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Things to Consider When Buying a Microscope

black and white microscope

If you’re looking to add a new microscope to your lab, you’ve likely discovered it’s not always easy to figure out the best model for your needs. You can begin to narrow down your choices by identifying exactly what you’ll be viewing with the new equipment. Once you’ve done that, the other pieces will fall in place.

Here are a few things to consider.

1. Longevity 

You’ll be using the microscope frequently, so make sure you choose one that’s made of durable materials, such as metallic alloys, and that all joints are fastened with metal screws. The microscope’s finish should be resistant to reagents and easily cleaned. Once purchased, make sure to add the equipment to your lab’s preventive maintenance list.

2. Lighting

You’ll see many lighting options when buying a microscope, including fluorescent, incandescent tungsten-halogen halogen bulbs, and LED illuminators. 

Tungsten-halogen bulbs can become hot during use. By comparison, fluorescent and LED lighting systems emit low heat, which makes them better choices for viewing samples that may be affected by the environment.

3. The Stage

A mechanical stage is usually a better choice than a manual one, especially when viewing at high magnifications. Mechanical stages allow easier slide adjustment in a fine differential, making the tracking of moving organisms more effective.

4. Digital Microscopes

Digital microscopes can be compound or stereo. They allow users to capture video or still images for display on a computer. These microscopes contain software for zoom, time-lapse photography, editing, and special effects.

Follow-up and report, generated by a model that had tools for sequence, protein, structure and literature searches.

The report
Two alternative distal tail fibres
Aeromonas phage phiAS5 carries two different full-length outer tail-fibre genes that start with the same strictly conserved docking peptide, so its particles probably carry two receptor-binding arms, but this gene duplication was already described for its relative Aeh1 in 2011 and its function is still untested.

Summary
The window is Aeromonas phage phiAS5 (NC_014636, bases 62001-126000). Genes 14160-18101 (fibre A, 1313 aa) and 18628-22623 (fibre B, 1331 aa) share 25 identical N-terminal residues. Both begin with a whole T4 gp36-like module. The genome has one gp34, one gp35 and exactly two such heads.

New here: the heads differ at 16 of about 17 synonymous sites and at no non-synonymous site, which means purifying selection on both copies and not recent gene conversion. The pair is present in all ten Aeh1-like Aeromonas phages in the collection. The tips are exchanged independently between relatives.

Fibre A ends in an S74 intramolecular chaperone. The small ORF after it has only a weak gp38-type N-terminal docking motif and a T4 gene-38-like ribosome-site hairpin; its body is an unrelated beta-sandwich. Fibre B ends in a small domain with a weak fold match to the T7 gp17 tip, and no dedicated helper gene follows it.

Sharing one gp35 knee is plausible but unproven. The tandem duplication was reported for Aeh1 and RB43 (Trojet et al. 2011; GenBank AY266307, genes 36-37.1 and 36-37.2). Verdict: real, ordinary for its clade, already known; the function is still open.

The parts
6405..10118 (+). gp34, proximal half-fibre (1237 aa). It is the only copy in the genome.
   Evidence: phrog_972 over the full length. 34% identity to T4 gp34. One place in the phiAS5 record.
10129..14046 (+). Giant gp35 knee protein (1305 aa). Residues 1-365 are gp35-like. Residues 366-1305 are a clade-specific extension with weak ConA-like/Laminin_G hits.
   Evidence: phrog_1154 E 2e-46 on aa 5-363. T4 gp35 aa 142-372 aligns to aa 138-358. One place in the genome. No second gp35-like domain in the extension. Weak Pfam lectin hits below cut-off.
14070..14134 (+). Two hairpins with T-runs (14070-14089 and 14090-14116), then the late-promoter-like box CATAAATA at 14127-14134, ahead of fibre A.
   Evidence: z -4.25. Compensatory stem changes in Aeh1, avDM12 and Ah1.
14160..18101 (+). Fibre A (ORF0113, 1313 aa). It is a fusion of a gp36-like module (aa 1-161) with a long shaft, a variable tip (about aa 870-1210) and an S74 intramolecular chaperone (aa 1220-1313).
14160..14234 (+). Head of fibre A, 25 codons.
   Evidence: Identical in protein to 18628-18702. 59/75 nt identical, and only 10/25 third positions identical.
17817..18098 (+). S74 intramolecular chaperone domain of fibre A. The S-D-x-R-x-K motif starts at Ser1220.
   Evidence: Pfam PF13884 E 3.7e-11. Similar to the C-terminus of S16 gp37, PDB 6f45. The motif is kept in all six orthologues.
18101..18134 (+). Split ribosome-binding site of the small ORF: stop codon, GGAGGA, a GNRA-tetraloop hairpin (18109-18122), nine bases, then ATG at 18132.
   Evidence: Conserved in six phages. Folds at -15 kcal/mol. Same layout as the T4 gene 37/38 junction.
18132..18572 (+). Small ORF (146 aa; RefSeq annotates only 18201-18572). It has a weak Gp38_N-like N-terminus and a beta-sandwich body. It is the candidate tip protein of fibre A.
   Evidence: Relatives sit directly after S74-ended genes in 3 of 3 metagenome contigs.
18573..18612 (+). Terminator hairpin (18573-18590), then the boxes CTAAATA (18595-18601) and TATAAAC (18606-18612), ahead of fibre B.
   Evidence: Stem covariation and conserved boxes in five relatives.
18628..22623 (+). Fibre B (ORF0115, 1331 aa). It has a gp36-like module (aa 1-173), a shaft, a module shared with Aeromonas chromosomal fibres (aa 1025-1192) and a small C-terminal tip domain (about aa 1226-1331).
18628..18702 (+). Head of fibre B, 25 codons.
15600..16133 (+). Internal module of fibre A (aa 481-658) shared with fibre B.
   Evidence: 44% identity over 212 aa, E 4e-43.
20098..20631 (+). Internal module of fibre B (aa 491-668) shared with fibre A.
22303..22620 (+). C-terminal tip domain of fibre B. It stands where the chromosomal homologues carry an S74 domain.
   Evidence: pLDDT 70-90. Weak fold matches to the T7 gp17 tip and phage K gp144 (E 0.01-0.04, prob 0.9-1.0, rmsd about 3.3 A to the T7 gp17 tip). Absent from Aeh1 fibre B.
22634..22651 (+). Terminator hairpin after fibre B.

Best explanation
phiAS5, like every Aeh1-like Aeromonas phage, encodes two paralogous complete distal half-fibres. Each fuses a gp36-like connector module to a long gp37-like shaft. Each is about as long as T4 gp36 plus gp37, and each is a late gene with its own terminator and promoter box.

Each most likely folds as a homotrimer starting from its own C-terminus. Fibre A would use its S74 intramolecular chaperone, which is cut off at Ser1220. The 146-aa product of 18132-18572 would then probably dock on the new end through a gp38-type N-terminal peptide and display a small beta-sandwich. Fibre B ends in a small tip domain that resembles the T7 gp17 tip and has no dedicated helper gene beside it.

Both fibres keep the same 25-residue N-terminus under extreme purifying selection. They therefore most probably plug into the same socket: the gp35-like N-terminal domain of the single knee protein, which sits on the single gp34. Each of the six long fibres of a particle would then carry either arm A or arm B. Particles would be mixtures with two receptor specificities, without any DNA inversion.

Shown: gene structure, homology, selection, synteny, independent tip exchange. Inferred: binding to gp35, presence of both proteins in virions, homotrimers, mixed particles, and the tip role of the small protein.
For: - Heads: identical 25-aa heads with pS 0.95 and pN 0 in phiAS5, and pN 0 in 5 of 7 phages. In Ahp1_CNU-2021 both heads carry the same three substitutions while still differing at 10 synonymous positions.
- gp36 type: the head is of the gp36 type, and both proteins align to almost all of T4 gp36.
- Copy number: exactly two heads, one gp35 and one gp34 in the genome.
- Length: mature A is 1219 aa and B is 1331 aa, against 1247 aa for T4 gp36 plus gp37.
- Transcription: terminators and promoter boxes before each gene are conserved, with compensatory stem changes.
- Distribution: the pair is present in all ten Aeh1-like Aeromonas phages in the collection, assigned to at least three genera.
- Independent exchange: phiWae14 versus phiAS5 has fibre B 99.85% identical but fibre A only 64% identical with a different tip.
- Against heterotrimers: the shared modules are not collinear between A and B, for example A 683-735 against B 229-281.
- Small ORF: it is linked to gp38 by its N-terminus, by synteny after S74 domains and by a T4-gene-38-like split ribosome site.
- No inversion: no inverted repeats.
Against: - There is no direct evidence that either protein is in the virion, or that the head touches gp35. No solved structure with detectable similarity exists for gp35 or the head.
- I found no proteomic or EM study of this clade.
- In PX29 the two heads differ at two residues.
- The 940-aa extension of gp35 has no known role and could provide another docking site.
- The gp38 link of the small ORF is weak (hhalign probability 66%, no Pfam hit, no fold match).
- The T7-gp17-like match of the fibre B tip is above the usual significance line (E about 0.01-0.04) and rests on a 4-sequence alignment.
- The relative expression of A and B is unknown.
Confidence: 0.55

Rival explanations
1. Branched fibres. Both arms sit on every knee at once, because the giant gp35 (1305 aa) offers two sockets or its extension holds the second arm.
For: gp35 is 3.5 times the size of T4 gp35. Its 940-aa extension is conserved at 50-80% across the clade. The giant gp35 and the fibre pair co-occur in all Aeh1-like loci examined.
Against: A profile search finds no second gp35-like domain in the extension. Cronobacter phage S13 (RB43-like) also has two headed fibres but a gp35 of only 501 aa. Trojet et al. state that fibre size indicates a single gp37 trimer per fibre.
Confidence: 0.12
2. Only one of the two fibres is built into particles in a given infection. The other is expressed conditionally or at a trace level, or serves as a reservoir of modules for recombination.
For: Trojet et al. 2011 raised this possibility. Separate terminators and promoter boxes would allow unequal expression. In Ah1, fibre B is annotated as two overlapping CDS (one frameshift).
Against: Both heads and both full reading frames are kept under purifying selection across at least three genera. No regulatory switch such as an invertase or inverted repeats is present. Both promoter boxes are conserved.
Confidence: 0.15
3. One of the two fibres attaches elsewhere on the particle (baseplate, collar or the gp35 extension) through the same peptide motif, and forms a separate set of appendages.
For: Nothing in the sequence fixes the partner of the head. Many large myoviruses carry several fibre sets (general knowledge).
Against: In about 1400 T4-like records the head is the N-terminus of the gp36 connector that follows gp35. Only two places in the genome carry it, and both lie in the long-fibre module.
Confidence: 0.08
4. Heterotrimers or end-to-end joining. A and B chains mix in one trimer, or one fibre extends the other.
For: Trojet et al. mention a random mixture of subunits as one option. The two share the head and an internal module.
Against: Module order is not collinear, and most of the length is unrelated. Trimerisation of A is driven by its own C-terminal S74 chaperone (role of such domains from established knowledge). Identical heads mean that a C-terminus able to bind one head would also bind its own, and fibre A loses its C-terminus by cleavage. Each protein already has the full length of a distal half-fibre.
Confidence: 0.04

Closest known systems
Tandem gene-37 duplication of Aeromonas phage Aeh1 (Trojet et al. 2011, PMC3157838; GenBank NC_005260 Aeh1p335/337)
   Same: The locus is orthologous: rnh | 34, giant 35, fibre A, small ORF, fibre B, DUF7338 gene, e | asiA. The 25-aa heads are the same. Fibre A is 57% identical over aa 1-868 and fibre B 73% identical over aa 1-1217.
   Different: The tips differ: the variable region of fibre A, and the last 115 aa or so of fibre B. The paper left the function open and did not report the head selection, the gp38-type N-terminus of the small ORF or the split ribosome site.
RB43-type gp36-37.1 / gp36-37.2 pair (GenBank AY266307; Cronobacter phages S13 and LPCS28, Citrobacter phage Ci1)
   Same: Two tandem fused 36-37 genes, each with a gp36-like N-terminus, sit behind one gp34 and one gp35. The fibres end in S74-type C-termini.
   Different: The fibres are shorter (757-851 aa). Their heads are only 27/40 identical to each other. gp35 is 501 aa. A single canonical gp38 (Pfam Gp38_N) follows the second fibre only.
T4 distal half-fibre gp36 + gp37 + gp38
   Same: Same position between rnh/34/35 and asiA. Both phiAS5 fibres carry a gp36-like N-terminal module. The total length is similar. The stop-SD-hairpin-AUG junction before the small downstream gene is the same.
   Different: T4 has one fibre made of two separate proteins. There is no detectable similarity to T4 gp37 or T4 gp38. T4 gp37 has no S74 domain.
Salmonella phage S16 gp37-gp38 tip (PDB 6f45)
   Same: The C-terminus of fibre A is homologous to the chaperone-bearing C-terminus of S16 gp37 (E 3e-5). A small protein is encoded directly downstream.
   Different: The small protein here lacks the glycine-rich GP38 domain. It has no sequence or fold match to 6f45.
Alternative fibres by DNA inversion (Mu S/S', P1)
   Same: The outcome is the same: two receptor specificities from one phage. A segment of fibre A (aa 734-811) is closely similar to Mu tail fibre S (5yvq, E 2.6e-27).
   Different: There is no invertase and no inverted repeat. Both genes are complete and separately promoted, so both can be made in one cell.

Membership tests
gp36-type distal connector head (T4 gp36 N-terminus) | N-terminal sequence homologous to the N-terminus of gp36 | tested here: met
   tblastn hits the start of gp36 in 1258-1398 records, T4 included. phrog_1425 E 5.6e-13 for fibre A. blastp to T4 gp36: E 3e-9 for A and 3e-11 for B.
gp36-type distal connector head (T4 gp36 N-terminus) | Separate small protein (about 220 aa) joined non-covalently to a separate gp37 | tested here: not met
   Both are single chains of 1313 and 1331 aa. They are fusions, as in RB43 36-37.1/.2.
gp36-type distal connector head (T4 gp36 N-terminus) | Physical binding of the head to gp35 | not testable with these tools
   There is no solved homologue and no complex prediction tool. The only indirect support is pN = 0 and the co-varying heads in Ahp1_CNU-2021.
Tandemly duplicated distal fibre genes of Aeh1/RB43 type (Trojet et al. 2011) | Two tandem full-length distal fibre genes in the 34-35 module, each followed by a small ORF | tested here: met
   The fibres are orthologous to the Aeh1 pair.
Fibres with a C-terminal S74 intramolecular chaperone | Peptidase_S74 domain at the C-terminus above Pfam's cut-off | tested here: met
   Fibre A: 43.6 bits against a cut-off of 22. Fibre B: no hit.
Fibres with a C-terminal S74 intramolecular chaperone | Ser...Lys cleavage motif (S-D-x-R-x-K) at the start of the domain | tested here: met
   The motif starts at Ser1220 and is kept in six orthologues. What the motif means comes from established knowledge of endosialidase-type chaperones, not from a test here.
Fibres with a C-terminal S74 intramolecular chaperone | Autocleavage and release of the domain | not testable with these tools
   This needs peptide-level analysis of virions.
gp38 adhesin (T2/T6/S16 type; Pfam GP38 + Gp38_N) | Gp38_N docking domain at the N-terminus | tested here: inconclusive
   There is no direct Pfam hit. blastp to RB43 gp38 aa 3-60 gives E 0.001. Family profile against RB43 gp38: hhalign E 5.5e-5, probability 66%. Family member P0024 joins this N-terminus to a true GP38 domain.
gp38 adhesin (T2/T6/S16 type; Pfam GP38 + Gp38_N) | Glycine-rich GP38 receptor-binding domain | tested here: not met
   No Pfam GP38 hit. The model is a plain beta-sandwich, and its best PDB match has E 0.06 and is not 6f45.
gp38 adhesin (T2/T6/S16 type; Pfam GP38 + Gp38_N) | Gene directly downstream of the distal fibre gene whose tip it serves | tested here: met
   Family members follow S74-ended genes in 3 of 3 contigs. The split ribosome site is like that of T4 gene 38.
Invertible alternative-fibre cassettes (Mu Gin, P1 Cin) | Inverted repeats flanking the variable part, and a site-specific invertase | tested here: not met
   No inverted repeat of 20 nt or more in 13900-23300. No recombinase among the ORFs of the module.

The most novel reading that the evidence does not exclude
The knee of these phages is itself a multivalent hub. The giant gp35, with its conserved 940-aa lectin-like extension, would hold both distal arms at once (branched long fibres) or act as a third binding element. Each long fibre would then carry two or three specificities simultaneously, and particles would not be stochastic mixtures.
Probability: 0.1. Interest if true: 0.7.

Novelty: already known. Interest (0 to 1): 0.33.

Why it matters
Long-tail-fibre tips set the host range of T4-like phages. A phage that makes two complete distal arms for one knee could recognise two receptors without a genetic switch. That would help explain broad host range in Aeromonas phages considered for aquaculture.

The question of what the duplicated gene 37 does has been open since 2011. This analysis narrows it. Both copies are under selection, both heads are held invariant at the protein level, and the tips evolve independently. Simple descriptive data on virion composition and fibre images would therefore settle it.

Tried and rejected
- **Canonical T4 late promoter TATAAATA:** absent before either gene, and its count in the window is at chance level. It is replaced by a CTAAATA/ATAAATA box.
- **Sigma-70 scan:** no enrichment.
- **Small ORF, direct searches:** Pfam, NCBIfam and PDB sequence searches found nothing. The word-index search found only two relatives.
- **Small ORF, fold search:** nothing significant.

5. Compound or Stereo?

The choice between a compound or stereo microscope depends on what you’ll be viewing. Stereo microscopes are used to view larger 3-D objects like insects, minerals, or mechanical pieces. Compound microscopes are better suited for applications involving high magnification for forensic or biology labs, such as viewing tissue samples and cells.

Compound microscopes can be monocular or binocular, and usually feature several objective lenses that can be selected to increase magnification. 

Stereo microscopes are a popular choice for the classroom and the hobbyist because they’re easier to set up and use. However, for the close-up magnification required in most laboratory settings, a compound microscope is the better choice. 

6. Chromatic Aberration Correction

The most common objective for lab microscopes is the achromatic objective. These are corrected for aberrations in the blue and red wavelengths and are also spherically corrected for green. While the most affordable option, its limited correction can lead to artifacts. Note that If the objective isn’t specified, it is achromatic.

Semi-apochromats, or fluorites, are the second objectives on this list. While more expensive than achromatic objectives, they have additional spherical corrections for blue. Fluorites are a better choice for recording and color viewing.

Apochromats are the most expensive objective, but they’re the most highly corrected of the three options. These are chromatically adjusted for blues and dark blues, red, and green. They’re spherically corrected for blue, deep blue, and green. The apochromatic is by far the superior choice for color viewing.

Look for objectives that boast plan correction, as these offer a 90% flat display for a larger field of vision.